This mutated warrior has somewhat of an armour save of 5+ and is decent in close combat with two attacks from his power hammer. Hopefully, you can distract the marines long enough to get him in assault..
GC#7. Aberrant with power pick
This alternate version has only a single attack, but this time it comes with a Cleave ability which makes him much more useful than his brother with a hammer.


GC#8a. Neophyte hybrid with autogun
These warriors are the rank and file of the Genestealer Cult forces. Their favorite habits include dying in droves from a singly lucky explosive bolt, and being such terrible shots it takes at least a dozen to pose any real threat. You definitely should spread them out to different zones as soon as you can: then there's at least a chance Deathwatch marines won't have enough attacks between them to kill every neophyte they face.
GC#9a. Neophyte hybrid with grenade launcher
This hybrid got a hold on a weapon with Blast ability. It's not as good for Genestealers as it is for marines, but still has its uses, especially against Tempestus warriors from "Treachery revealed" expansion. Just don't count on it too much; the accuracy of 5+ still leaves a lot to be desired.
GC#10a. Acolyte hybrid with autopistol
This is your basic close combat fighter with a decent chance to do some damage in assault. The difficulty is getting him there, seeing as 6+ save is not much better than no save at all.
GC#10a. Acolyte hybrid with mining laser
This heavily armed hybrid provides you with much needed Cleave attack from a distance, even if it's only from combat range. Unfortunately, a single shot on 5+ will miss more often than not. In addition, it's the only unit except Branatar with a speed of 1, which makes it even harder to use laser-equipped hybrid effectively.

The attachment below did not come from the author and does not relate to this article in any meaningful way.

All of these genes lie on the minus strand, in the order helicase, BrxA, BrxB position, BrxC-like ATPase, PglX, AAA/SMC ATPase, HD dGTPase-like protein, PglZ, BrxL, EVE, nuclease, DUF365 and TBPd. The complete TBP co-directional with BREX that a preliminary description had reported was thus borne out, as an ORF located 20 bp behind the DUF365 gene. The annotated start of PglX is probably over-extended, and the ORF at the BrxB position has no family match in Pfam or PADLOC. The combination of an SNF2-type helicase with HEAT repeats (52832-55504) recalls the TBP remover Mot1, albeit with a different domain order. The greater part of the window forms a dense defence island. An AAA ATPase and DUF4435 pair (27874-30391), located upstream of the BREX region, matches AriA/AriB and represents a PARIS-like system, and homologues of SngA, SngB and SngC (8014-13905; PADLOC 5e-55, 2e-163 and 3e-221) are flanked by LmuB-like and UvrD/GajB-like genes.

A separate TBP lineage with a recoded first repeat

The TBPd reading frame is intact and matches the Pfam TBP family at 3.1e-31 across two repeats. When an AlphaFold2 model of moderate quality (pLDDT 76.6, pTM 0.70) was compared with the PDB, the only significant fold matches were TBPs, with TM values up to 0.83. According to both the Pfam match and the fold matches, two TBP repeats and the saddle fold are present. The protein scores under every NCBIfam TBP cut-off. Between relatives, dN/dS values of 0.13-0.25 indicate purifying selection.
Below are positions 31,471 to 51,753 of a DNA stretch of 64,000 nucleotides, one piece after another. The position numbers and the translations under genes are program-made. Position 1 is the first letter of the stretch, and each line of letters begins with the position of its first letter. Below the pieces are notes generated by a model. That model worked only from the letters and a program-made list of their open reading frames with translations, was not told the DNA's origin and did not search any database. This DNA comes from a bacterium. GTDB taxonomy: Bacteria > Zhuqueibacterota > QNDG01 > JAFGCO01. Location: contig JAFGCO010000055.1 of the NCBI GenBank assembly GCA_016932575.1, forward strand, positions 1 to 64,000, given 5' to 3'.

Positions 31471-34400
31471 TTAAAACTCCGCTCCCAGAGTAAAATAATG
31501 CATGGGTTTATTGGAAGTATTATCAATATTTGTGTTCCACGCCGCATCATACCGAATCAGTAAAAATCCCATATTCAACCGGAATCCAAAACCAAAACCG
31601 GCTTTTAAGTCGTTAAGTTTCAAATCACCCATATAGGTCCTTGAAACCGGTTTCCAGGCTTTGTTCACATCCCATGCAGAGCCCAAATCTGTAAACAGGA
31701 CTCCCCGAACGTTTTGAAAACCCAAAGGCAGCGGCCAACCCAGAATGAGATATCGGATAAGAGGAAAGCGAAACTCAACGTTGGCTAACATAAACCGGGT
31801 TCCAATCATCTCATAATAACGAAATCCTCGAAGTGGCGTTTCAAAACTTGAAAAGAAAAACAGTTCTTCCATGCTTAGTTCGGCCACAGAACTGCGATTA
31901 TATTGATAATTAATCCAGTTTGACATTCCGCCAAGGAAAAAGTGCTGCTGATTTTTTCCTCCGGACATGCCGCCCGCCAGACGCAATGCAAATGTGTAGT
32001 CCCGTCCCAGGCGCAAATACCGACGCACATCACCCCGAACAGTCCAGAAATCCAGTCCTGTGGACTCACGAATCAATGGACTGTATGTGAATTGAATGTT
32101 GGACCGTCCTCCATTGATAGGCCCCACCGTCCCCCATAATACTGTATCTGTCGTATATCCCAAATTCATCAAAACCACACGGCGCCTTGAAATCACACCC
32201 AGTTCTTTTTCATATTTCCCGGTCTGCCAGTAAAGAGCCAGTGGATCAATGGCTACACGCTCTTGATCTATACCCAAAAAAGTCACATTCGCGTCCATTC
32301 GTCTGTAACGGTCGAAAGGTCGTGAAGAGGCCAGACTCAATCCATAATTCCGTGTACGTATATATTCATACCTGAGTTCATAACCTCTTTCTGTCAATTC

MISSIONS



Overkill's replayability is provided by a set of 9 different missions. The scale of the game differs from one to another: one of the missions only uses 3 marines and some require all 11. Victory conditions for Deathwatch also vary, while the Genestealer Cult player is always tasked with killing a certain number of invaders to win.

All 9 missions can be played one after the other as a campaign. This makes things a lot more difficult for Deathwatch player, since Genestealer victory almost always rewards Cult player with some benefit in future missions, while only 2 of them have some rewards in case of Astartes' victory. Additionally, from a story perspective, a lot of the missions take place at the same time in different areas of the complex, which limits Deathwatch player in his choice of warriors and forces him to use marines of dubious value.

It's worth noting that even in stand-alone mode several missions are heavily imbalanced. At least the game doesn't really favor one side over the other: Deathwatch and the Cult both have their nearly impossible fights. And most of missions remain very much playable.


Mission 1: Killstorm
The first mission is a simple kill point one. 4 marines (or 8 Scions, if you're using the rules from "Treachery Revealed" expansion) are tasked to kill 25 enemy models. Luckily for them, Cult player only has the basic hybrids at his disposal, which must kill 2 marines (4 Scions) in order to win.